Ahh, the wonders of wildlife. My home is on the plains of the Oregon desert, and I love the local wildlife. A mama deer with two fawns is back in my neighborhood this year, handsome little yearlings, each proudly sorting a set of spike horns. We hear coyotes singing at night, and if you jog around the edge of town, you might meet up with a cougar. My next-door neighbor nearly stepped on a rattlesnake in her garage last week. These are everyday occurrences around here.
The following two events aren’t as common, and although I’m not sure they qualify as being “cool,” these wildlife close encounters are memorable to me.
Wonders of Wildlife – the Food Chain
The first interesting event occurred many years ago when I had been married to my first husband for only a few weeks. We lived in a tiny town not too far from where I live now. (“Town” is probably a stretch; there were two houses and a country store, all located on the banks of a lovely little creek.)
One summer day, standing on my front porch, I saw a huge bullsnake eating a small rabbit. I know this would be horrifying to many people, but I couldn’t stop watching as the snake loosened its jaws and the hapless little bunny slowly slid down to the middle of the snake, where it would be digested.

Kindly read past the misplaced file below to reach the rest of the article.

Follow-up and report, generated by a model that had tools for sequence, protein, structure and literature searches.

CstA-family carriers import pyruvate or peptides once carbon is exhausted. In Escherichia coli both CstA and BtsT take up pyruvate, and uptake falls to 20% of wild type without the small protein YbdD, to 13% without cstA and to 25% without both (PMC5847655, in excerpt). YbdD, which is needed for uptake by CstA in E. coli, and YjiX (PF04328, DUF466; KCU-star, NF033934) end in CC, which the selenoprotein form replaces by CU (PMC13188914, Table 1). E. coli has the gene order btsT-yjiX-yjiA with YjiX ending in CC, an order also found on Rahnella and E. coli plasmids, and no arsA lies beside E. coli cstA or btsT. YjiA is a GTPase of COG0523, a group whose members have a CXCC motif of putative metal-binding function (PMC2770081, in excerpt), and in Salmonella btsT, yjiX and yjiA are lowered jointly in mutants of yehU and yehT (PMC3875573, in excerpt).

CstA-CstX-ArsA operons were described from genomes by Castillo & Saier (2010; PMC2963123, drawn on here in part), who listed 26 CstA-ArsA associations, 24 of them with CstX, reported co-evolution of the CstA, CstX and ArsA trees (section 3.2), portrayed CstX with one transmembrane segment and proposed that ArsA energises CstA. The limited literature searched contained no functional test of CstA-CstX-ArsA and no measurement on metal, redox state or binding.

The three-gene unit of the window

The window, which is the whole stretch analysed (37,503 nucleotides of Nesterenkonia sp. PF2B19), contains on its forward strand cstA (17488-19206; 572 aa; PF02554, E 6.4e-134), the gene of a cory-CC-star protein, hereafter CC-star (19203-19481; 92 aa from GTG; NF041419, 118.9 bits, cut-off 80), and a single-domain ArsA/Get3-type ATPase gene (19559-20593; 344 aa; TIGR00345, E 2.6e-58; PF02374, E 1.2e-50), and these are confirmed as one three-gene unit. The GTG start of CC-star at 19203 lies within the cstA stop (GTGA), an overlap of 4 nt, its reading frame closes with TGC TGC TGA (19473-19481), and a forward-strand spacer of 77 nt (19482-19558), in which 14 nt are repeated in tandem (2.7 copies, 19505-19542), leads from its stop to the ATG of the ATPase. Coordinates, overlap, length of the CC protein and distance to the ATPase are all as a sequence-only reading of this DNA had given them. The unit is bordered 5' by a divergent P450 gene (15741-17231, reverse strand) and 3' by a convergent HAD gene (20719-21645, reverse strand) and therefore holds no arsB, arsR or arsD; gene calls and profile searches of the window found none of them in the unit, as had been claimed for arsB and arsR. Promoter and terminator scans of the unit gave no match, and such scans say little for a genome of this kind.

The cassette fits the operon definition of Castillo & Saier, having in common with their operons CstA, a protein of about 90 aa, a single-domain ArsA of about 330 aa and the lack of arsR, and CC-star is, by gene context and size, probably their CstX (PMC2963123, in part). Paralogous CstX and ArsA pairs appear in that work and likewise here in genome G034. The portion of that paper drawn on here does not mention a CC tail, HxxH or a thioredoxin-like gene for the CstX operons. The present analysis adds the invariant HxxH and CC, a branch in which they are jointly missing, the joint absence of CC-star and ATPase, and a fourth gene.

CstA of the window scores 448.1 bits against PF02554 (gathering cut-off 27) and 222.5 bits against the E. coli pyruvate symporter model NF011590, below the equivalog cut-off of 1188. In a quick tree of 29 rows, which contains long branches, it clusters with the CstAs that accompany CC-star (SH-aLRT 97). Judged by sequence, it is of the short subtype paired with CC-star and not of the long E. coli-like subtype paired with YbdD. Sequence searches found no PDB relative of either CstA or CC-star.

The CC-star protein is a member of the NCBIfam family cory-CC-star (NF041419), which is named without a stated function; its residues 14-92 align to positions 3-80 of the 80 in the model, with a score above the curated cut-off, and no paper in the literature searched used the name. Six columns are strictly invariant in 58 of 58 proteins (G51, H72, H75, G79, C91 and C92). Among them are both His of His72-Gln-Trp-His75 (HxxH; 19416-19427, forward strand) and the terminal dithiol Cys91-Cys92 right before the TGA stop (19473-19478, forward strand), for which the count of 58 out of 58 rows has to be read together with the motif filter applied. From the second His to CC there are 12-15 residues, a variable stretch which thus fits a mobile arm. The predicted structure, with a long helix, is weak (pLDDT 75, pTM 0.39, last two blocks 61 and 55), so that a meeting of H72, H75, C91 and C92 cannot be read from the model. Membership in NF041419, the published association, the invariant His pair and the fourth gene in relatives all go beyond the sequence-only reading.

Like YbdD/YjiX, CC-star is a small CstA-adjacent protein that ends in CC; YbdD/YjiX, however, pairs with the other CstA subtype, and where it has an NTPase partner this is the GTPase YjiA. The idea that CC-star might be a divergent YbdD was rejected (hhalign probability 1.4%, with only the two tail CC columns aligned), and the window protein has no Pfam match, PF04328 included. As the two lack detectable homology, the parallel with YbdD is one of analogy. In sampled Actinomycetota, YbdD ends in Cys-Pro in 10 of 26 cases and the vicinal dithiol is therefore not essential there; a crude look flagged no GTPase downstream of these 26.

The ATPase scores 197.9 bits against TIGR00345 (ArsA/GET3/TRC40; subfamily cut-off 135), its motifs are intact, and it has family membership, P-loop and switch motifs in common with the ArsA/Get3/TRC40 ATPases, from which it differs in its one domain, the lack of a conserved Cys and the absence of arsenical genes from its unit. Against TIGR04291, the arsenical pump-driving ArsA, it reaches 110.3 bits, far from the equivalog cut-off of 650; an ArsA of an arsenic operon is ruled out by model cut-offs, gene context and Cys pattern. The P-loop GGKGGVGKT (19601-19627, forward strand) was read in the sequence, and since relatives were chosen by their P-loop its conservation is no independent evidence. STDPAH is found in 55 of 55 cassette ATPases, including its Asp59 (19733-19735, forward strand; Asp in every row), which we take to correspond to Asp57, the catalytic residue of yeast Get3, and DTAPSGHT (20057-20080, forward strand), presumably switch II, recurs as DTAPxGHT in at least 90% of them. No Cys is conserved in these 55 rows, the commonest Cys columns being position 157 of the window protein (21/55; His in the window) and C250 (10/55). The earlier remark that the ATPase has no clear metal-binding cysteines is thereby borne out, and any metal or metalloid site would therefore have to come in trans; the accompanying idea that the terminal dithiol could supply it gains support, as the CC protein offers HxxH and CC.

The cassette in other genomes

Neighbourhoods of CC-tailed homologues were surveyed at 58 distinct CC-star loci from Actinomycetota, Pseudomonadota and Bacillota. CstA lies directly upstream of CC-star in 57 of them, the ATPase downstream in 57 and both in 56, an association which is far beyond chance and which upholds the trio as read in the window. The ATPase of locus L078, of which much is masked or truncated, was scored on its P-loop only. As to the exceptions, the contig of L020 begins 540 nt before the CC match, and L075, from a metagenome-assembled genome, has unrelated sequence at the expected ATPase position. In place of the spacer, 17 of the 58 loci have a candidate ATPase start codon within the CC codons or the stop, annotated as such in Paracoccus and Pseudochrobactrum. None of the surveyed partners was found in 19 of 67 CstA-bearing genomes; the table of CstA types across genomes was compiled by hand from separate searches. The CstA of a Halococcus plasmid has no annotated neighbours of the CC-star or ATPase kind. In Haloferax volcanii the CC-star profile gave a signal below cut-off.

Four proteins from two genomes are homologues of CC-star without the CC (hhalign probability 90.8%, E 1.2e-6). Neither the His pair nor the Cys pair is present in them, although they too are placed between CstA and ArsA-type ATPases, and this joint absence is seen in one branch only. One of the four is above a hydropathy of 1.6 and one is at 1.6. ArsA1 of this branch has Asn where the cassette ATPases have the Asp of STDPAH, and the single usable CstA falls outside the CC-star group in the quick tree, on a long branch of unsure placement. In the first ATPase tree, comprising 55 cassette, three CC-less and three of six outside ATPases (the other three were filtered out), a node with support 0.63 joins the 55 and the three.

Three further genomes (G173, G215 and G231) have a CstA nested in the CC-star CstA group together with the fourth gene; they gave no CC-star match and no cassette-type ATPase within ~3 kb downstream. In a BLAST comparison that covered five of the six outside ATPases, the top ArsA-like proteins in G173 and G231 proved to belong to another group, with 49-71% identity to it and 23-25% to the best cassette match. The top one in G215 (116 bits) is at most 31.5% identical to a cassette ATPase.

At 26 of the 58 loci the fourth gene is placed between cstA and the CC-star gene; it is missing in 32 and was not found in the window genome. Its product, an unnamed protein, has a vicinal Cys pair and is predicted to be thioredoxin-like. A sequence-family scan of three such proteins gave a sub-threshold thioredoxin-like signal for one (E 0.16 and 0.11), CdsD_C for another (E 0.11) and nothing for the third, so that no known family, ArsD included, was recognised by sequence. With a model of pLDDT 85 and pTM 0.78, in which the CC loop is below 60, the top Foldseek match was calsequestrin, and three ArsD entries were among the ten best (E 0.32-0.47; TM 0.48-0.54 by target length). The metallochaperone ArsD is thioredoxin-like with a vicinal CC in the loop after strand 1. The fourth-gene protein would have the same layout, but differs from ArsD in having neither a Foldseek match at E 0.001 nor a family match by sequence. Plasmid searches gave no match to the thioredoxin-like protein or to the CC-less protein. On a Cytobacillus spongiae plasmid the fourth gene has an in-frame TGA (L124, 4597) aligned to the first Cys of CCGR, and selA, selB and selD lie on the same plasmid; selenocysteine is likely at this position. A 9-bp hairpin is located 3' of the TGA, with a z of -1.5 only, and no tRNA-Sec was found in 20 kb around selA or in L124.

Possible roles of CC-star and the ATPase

Nature seems harsh and unforgiving, and sometimes even cruel. That day, the unlucky rabbit was a low link on the food chain, but the snake enjoyed a nice, plump lunch.
By the way, bullsnakes are huge, nonvenomous snakes that are sometimes, at first glance, mistaken for rattlers. As evidenced that day, bullsnakes are powerful constrictors that feed on not only bunnies, but mice, rats, moles, lizards, and small, ground-nesting birds. They tend to be docile but can get defensive if they’re threatened. If you see one, there is no reason to be afraid. Please don’t kill it.
Miracle Encounters with Wildlife
The second memorable event occurred when I lived in Portland, Oregon. My husband and I owned a condo surrounded by tall evergreen trees, including a massive Douglas fir (or “Doug” fir, as we call them here in the Northwest). I knew that tall, old tree was home to countless animals, birds, and insects.
One day, I happened to glance out my kitchen window and saw, sitting on the fence railing under the tree, a beautiful western tanager. He was stunning, and his colors were amazing. I realize this may be a common occurrence to many people, but I haven’t seen one before, or since.
I was spellbound at the sight of that bird. Apparently, tanagers are shy, and I guess this one lived high up in that fir tree. I continued to watch for another fleeting moment, and I hoped he would show himself again, but he never did. I don’t know why he decided to make an appearance that day, but I still think of it as a gift from nature, as most all wildlife in the garden and around us should be considered.
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